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In memoriam: Robert O. Grondin

Robert O. Grondin

Robert O. Grondin

Robert O. Grondin, who taught electrical engineering at Arizona State University for more than 30 years and helped create the engineering program at the Polytechnic campus, passed away on July 17.

Most recently an associate professor of engineering and manufacturing on the Polytechnic campus, Grondin was widely acknowledged for his work to introduce the importance of effective pedagogy in engineering education, according to Darryl Morrell, associate professor and program chair, Engineering and Manufacturing Engineering.

“Bob Grondin had an extraordinary concern for students, especially those who struggled,” said Morrell. “This concern was expressed many times as we developed the engineering program at Poly. He was always the first to look at our decisions from the perspective of students who might be struggling or who might not be as prepared as we would like them to be. He always advocated for them, and the curriculum, policies and culture of the program were much better and student focused because he did.”

Albert L. McHenry, former vice president and executive vice provost of the Polytechnic campus, said that when he was interviewing potential faculty members, he asked what experience Grondin could bring to the Department of Engineering. McHenry said Grondin immediately replied, “I am an expert in finding solutions to the academic services problems of engineering students, whether they are systems generated, self generated or both.” When Grondin transferred to the newly created department in 2004, “he added his broad experience in engineering pedagogy, his scholarly interests in electronic circuits and the desire to be involved in the creation of a multidisciplinary engineering program,” said McHenry.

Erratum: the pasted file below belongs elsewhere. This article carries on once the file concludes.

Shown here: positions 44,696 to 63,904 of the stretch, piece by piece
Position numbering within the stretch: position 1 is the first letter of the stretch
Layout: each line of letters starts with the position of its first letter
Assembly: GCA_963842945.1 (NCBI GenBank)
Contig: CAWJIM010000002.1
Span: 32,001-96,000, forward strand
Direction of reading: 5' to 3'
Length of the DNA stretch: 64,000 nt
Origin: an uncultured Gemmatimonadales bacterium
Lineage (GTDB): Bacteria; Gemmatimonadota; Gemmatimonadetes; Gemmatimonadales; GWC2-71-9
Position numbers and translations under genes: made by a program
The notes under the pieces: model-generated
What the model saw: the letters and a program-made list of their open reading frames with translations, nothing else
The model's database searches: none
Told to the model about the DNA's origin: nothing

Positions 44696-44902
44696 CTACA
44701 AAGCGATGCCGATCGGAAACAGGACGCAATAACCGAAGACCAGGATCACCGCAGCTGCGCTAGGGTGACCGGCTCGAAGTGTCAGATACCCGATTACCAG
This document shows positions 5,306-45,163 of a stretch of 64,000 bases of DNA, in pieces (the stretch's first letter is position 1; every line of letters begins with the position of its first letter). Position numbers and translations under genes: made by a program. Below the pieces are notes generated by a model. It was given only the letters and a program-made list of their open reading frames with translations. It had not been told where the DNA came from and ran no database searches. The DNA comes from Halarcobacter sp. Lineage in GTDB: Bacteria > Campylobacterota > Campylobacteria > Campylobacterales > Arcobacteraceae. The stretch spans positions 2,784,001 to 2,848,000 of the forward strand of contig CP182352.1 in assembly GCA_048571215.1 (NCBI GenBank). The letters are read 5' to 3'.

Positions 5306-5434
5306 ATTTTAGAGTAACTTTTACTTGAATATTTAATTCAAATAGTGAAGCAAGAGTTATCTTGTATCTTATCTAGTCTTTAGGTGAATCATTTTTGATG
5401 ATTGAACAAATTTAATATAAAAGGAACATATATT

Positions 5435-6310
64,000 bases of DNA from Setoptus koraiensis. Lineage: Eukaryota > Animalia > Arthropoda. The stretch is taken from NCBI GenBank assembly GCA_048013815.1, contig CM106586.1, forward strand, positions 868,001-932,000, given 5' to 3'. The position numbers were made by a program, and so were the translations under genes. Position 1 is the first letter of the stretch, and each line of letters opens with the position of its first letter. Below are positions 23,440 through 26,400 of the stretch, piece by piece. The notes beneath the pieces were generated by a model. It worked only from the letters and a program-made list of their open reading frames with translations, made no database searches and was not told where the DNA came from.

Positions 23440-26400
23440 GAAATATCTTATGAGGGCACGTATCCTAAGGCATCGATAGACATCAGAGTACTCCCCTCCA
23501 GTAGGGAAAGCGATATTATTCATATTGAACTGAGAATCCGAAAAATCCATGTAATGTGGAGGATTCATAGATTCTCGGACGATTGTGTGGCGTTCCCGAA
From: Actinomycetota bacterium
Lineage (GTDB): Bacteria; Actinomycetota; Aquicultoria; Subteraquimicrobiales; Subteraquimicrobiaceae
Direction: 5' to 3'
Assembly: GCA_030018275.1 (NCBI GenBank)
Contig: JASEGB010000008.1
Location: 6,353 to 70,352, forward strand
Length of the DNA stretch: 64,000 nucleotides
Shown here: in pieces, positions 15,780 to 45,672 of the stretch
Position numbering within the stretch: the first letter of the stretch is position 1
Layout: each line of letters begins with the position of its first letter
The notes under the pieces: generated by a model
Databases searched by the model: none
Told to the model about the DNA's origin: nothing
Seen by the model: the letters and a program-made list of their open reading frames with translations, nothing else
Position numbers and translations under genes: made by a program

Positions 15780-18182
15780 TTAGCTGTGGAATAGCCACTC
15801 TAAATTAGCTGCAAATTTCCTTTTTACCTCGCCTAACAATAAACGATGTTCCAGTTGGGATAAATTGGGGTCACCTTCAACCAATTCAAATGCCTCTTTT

Physics of Submicron Devices

Grondin co-authored a book, Physics of Submicron Devices, with David K. Ferry.

In addition to his commitment to engineering pedagogy, Grondin made great strides in research related to the physical limits of electronics, multidisciplinary engineering activities and diversity in engineering student populations. Between 1999 and 2004 he served as director of student academic services in the dean’s office of what would become the Ira A. Fulton Schools of Engineering. He co-authored a book, Physics of Submicron Devices, wrote several book chapters and authored around 100 presentations and refereed journal articles.

Named a Presidential Young Investigator in 1985, Grondin was recognized as an outstanding student branch advisor by the IEEE in 1986 and shortly thereafter became a senior member of the IEEE. During the mid 1990s, he served as a member of the management team for the Foundation Coalition, one of the National Science Foundation’s engineering educational coalitions, and helped manage $3 million in NSF funds supporting activities across seven different schools and universities. He was a Lincoln Center Ethics Fellow for the Polytechnic Campus of Arizona State University.

Grondin was a Michigan native and attended the University of Michigan, where he received degrees at all levels of electrical engineering, culminating in a doctorate in 1982. He served as a Post-Doctoral Research Fellow at Colorado State University, then joined the faculty of the Department of Electrical Engineering at Arizona State University in 1983.

Grondin is survived by his wife, Sonia; daughters, Marissa and Diana; grandson, Cruz; mother, Mary; and siblings, Dan, Louise, Kathy, and Pete, and their families.

Media Contact
Terry Grant, [email protected]
Ira A. Fulton Schools of Engineering

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